The federal government is considering giving Border Force, the tax office and other agencies either access to telecommunications data or other electronic surveillance powers under reforms planned to be brought before parliament in 2023.
The government’s intention is to repeal a “patchwork” of surveillance laws including the Telecommunications (Interception and Access) Act 1979 - which has been changed more than 100 times in 15 years - along with the Surveillance Devices Act “and relevant parts of the ASIO Act”, and replace them “with a single, streamlined and technology neutral Act.”
The government is calling it the “most significant reform to Australia’s national security laws in more than four decades.”
It has promised two years of consultation, with an aim of finalising a bill to put before the parliament in 2023.
One of the changes flagged in the discussion paper is a formal expansion of the number of agencies that can make use of Telecommunications Act sections 280(1)(b) and 313(3).
Section 280(1)(b) will be well-known to telco observers as the “loophole” that enables a range of agencies from councils to the RSPCA and environmental authorities to access telecommunications metadata.
Section 313, meanwhile, is a website blocking power infamously used by the Australian Securities and Investments Commission (ASIC) to overblock thousands of legitimate websites.
The government proposed today that agencies “only be able to use electronic surveillance powers where those powers are needed to perform their functions.”
However, it’s not clear if existing loopholes will be closed, with the discussion paper noting that “the reform does not propose to remove any existing powers under the TIA Act, SD Act and ASIO Act from any agencies.”
In addition, the paper canvasses providing extra surveillance powers to a range of different agencies.
It says the government will consider providing “the Australian Transaction Reports and Analysis Centre (AUSTRAC) with the power to access telecommunications data for the purposes of fulfilling its dual financial intelligence and regulatory roles to prevent money laundering and terrorism financing”.
It will also consider giving “the Australian Taxation Office (ATO) … the power to access telecommunications data for the purpose of protecting public revenue from serious financial crimes”.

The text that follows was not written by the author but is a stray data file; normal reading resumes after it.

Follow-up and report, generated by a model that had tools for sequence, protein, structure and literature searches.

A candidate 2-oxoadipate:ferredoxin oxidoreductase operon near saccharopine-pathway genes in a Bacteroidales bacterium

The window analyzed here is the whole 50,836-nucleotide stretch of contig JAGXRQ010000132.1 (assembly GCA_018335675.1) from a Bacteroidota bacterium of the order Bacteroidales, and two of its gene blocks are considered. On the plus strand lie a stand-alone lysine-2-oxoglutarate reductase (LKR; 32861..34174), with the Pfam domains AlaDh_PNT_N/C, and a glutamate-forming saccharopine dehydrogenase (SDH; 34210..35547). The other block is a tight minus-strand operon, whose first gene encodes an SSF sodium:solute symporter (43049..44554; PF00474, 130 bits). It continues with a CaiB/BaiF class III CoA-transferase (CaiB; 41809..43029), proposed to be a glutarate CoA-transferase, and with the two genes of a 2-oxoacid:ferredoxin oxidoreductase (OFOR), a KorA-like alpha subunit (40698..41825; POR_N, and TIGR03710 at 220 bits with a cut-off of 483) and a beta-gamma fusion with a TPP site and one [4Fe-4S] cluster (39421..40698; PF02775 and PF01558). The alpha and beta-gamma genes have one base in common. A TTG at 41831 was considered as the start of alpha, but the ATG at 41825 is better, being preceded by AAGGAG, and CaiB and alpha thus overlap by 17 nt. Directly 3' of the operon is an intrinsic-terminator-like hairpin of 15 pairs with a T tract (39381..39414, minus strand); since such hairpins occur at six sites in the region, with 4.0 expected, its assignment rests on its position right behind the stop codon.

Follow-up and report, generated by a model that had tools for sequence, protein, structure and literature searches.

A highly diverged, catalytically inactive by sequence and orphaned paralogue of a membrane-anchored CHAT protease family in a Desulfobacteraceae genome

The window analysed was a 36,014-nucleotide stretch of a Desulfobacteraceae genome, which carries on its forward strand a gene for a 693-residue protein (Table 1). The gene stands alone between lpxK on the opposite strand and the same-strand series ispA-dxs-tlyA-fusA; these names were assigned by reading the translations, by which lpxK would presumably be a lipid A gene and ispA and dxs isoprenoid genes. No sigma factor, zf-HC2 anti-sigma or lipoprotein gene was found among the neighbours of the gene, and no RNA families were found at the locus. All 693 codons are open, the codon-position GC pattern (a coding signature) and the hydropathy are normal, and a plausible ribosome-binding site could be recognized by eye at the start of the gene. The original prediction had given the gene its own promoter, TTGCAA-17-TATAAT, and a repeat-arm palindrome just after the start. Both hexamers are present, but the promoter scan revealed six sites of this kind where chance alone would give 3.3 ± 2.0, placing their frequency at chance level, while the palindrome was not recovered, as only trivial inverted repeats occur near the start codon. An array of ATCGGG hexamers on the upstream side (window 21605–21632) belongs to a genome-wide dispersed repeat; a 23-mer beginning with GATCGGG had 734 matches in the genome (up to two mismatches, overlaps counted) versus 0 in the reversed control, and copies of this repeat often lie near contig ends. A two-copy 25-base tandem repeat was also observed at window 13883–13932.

“With respect to the ATO, access to telecommunications data would support or, in some cases, potentially replace expensive, resource-intensive and intrusive physical surveillance operations,” the government said.
“[The] ATO experience demonstrates that telecommunications data would also be a critical tool in excluding non-involved individuals from lines of inquiry, or in establishing a relationship between an original person of interest being investigated (for example, for tax fraud) and a larger group of individuals committing serious criminal offences (such as large-scale fraud against the Commonwealth).”
The government is also considering handing “state and territory corrective services the power to access telecommunications data, for the purposes of monitoring criminal offenders; the Australian Border Force with the power to use tracking devices to investigate border-related measures; and the Australian Criminal Intelligence Commission (ACIC) with the power to use its electronic surveillance powers for a slightly wider range of investigations.”
The government said that each proposal had been recommended by an earlier review or parliamentary committee.
New definition of 'communication'
The changes also canvas redefining “communication” in surveillance legislation to cover a wider range of technology platforms and services.
The government said it wants “communication” to encompass “phone calls, emails, instant messages, video conversations and conversations via over-the-top messaging applications”, including “draft emails” and “unsent” IM messages.
It also believes “communications” should stretch to “a person’s activities on the internet; electronic files stored locally or in the cloud; “interactions between a person and a machine” such as via chatbots; and machine-to-machine communications.
The government said that “modernising the definition of communication will likely result in more information being protected and better controls on access to that information.”
“Under the new framework, government agencies will only be able to access this broader range of information under a warrant or authorisation, and this access will be subject to robust oversight and safeguards,” it said.
The government is accepting submissions through to February 11, 2022.